What Is Postnatal Anxiety?

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The term postnatal depression is commonly understood. But this isn’t the only disorder that has the potential to arise after a woman gives birth to a child. Mental health programs also see women who suffer from a lesser-known condition called postnatal anxiety. Studies have indicated postnatal anxiety is actually more common than postnatal depression.

What Is Postnatal Anxiety?

Characteristics of Postnatal Anxiety:

Postnatal anxiety arises after a woman is pregnant. Anxiety in small amounts is normal. It’s the reaction people have to stressful situations. They may not be able to concentrate, may talk more than normal or feel uneasy. They may have an unrealistic amount of fear about something. When someone is anxious, they pace, start tasks and not finish them or become snappy or irritable. It’s not uncommon for the person to be unable to sit and relax. Drinking, eating or smoking more are common reactions to stress as well. When this becomes too frequent or about situations that don’t warrant that level of anxiety, it’s more than just a natural response; it becomes an anxiety disorder. After a woman gives birth, she can develop an abnormal level of anxiety, which is then classified as postnatal anxiety disorder. In some situations, the anxiety warrants mental rehabilitation.

Postnatal Anxiety Takes one of Three Forms:

  • Generalized anxiety disorder is a fear about everything from feeding to health to a person’s ability to mother. The worry that something bad might happen is also common with postnatal generalized anxiety disorder. Although a majority of mothers have some level of anxiety regarding parenthood, especially new mothers, those with a disorder will notice the anxiety affects their life and even their sentiments toward being a parent.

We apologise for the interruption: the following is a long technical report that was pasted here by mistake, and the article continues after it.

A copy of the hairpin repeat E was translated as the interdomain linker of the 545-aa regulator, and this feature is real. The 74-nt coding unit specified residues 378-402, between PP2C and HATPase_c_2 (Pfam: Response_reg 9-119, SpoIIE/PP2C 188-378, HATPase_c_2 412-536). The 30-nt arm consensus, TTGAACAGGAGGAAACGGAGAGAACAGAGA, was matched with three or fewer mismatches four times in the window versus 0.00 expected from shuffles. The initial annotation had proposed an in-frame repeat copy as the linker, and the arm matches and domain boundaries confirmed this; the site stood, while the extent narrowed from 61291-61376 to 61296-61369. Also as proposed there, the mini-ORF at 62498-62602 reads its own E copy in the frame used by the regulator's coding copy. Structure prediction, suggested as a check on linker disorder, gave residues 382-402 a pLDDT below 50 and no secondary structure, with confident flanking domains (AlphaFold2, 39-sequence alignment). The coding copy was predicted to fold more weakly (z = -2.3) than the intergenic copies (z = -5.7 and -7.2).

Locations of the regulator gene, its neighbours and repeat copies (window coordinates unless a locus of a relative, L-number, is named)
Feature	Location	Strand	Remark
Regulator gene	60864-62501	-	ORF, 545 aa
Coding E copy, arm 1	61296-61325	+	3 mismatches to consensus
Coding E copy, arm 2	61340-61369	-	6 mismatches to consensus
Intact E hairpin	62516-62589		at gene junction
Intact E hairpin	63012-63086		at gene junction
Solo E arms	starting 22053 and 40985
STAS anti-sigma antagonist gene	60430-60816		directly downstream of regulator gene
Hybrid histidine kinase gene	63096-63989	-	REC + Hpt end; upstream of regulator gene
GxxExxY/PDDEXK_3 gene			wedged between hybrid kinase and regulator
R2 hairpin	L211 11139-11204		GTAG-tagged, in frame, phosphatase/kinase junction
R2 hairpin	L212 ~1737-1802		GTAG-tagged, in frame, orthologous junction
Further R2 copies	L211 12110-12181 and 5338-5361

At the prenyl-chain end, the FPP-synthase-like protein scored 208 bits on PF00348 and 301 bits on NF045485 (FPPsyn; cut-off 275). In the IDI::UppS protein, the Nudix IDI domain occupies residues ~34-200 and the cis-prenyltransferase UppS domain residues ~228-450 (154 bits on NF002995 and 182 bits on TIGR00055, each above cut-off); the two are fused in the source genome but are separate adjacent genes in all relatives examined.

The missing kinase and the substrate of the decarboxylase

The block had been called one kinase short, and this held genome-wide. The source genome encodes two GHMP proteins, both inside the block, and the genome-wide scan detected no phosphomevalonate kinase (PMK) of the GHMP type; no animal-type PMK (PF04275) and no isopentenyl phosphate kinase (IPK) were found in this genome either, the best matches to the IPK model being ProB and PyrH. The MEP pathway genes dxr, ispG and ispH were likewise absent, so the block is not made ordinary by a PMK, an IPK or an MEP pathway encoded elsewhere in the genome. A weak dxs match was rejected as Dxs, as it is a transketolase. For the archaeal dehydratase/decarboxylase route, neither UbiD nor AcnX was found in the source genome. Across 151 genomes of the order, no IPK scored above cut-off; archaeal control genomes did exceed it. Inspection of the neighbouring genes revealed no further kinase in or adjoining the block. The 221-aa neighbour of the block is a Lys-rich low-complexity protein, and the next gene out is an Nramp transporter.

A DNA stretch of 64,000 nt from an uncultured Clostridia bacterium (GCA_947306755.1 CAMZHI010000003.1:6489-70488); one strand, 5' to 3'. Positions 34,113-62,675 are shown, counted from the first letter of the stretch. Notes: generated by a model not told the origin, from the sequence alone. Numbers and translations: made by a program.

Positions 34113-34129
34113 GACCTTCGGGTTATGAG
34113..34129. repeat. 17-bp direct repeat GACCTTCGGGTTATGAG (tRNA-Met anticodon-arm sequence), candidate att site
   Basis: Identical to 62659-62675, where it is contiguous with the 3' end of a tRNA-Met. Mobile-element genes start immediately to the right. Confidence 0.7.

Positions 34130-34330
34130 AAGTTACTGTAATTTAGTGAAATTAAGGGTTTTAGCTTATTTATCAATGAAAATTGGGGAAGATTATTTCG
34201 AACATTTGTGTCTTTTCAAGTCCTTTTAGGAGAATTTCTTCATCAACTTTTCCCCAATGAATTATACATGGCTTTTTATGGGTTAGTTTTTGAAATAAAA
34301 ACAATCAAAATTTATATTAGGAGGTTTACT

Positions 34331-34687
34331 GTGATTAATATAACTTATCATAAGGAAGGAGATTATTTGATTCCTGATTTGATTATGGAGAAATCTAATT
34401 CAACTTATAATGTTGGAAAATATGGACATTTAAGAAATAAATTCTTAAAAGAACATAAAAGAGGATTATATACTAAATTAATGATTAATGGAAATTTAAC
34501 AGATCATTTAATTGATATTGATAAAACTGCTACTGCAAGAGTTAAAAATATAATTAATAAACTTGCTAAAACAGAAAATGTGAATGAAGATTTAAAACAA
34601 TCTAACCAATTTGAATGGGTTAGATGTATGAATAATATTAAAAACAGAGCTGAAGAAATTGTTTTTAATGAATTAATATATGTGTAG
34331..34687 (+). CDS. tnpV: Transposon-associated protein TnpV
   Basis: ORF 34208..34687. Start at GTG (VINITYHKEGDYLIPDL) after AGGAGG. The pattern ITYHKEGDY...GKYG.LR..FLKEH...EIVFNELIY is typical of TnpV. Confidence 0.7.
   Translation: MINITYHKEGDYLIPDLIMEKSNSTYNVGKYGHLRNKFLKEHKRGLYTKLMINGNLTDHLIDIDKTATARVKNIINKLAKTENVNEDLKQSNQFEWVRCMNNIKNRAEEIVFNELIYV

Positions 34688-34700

• Postnatal obsessive-compulsive disorder causes mothers to have distressing thoughts or mental images of harming the baby, either intentionally or on purpose. Their intention isn’t to harm their child, however. They tend to clean and organize obsessively in an effort to keep their child safe.
  • Postnatal health anxiety causes new mothers to obsess over their child’s health. The mothers aren’t convinced nothing is wrong even after medical intervention. Oftentimes, mothers go beyond following guidelines in order to keep the child safe.

What Causes it?

Having a new child is a stressful situation to begin with. For women who already have anxiety, it only worsens the condition. This is mainly due to hormonal fluctuations that change a woman’s mood. Lack of sleep has the potential to trigger anxiety or make it worse. Any problems in the woman’s family life, such as being a single mother, have an impact on anxiety as well.

How is it Treated?

A mental health programs may be needed for women who suffer from severe cases of this mental ailment. They have the ability to prescribe a medication to reduce anxiety. Mental health programs also have specialists to provide therapy for mothers who are feeling an unhealthy level of anxiety about being a parent or about their child’s well being. This is especially important because mothers who are having thoughts of harming their child may feel horribly alone and like bad parents. They’ll learn self-help techniques to avoid anxiety and to relieve it after they feel it coming on.

It’s also important to have a strong support system at home. This may include the father of the child, parents or a close friend. The mother needs a break and to feel like she’s not completely alone.